Friday, July 1, 2011

On To Revisions!

I love the synchronicity of the writing community. Yesterday, I finished the rough draft of the next Darkover book, The Children of Kings, and today writer and editor Laura Anne Gilman writes on the Book View Cafe blog on . . . revisions!

Revising is not a new process for me, but I always welcome new ways of looking at it. "The Practical Meerkat," as Gilman calls herself, offers humor as well as her own perspective. I love her concept of "Draft Zero," a pre-editorial, adolescent version of the work (bones good, skin spotty, no table manners to speak of) and a "Submission Draft" (ready to leave home for college, thinks she knows everything).

I find that way of thinking more helpful than "first, second...," which promotes comparison and competition. I've wrestled with this demon over the years. I'd hear another writer talk about sending off a lightly-polished first draft and selling it and I'd feel pathetic. A truly hopeless case. I did not dare let even my critique group see my drafts at that stage. I'd castigate myself by counting drafts, as if that were a measure of my ability or the quality of my work.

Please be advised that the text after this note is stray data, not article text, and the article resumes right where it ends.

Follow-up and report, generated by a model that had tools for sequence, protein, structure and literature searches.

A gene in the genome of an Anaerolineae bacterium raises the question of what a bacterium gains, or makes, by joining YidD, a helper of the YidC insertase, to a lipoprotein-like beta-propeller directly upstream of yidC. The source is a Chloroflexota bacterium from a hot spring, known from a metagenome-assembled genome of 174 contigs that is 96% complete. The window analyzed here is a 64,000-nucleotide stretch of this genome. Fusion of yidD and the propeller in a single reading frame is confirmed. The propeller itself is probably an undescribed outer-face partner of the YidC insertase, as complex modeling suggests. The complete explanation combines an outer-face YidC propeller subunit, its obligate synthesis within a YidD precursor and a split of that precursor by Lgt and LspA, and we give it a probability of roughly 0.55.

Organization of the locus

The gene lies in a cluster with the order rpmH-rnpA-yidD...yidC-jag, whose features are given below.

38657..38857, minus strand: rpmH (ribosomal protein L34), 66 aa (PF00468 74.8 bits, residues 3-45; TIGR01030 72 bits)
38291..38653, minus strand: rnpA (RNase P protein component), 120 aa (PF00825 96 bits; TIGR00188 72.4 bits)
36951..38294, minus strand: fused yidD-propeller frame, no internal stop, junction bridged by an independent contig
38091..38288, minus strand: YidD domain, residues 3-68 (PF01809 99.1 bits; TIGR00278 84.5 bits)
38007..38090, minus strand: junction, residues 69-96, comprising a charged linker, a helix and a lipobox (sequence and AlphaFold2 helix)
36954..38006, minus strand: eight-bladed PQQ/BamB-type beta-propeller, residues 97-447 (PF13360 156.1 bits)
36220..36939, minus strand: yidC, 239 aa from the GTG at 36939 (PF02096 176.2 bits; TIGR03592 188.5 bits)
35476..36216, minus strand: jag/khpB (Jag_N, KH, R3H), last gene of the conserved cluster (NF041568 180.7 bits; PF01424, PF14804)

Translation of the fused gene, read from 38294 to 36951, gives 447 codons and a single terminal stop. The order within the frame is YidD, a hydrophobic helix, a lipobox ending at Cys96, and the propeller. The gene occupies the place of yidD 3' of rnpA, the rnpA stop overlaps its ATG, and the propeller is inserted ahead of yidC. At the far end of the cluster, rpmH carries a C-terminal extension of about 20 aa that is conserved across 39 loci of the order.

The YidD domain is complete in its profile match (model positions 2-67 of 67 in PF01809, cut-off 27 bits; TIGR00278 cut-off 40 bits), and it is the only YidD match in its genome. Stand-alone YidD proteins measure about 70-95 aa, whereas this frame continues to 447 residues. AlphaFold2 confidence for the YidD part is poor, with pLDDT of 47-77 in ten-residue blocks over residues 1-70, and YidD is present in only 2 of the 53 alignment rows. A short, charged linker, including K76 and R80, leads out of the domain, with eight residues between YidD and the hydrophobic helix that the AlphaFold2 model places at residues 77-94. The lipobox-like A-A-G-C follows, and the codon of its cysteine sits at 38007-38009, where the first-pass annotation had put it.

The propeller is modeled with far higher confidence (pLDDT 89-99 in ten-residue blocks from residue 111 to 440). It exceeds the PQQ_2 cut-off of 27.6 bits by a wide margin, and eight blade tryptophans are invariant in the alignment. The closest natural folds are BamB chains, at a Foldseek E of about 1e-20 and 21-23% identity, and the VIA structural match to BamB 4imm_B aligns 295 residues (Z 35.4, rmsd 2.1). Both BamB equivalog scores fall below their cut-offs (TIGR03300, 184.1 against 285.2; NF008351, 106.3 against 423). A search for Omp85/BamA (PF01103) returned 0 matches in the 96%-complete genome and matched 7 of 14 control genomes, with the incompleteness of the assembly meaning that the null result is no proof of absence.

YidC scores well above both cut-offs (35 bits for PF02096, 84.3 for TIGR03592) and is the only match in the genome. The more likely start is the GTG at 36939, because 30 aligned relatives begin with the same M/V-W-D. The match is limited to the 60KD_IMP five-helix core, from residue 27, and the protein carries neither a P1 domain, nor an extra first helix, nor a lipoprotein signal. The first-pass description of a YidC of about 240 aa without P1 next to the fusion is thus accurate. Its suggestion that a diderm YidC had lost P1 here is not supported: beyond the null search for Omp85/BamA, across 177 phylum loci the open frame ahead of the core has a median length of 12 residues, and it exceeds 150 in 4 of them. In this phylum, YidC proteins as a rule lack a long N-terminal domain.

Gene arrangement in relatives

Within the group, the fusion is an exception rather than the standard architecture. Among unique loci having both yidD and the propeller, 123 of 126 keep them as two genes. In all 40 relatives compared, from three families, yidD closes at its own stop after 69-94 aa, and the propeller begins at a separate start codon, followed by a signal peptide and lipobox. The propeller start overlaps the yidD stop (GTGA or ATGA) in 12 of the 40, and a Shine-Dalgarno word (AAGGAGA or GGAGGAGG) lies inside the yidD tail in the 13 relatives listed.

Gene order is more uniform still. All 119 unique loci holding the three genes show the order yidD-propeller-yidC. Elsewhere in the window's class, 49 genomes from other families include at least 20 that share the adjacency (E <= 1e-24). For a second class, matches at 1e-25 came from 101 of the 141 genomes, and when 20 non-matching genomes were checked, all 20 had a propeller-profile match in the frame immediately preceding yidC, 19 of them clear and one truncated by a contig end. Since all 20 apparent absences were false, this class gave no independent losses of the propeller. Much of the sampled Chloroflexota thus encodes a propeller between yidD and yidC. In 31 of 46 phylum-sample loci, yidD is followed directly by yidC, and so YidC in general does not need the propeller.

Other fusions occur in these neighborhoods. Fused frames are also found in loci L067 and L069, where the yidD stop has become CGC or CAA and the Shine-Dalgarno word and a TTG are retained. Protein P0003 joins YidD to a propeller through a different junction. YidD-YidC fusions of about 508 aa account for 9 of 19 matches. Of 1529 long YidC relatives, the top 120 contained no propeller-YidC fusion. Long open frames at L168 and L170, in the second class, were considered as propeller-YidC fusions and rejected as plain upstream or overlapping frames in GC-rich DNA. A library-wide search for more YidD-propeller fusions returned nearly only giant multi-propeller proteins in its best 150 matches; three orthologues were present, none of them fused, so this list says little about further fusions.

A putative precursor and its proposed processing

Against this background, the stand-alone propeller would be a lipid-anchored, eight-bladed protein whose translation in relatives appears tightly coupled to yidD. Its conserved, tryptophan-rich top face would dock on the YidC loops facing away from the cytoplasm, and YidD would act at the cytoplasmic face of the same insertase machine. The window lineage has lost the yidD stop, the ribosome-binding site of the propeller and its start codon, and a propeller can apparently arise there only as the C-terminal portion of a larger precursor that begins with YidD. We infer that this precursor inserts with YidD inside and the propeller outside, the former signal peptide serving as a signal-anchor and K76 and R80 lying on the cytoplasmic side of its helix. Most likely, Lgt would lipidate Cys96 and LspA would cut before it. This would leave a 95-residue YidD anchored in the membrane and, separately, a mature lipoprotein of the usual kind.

The truth is, as I have said before, that the only draft that counts is the one that ends up on your editor's desk. We're all different, and each story has its own journey to completion. Gilman says, and I could not agree with her more, "When discussing the pre-editorial version, there is no one ‘right’ answer. You do whatever it takes, however many tries it takes."

Over the years -- I've been selling professionally since 1982 -- and much to my astonishment, my rough drafts have improved slightly. For one thing, I reached a point where I was selling novels on proposal, and that meant writing synopses, and that forced me to come up with a coherent description of what I intended to do. I did not, of course, follow them exactly (or, sometimes, at all) but at least I'd inserted a step in which I had a chance of eliminating the more insanely stupid ideas. For another thing, years of critiquing other people's stories eventually gave me some approximation of an editor's eye, so that when I started to write something awkward and ungrammatical, I'd catch myself before I put it down (as opposed to in a subsequent draft). So if there's hope for me, there's hope for everyone.

I'd love to see us stop comparing externals, like what draft we're on or how many revisions it takes to get a story into marketable shape, and focus more on helping one another discover our own creative rhythms. That way, we can learn from and be inspired by one another while remaining true to that special voice that is ours alone.

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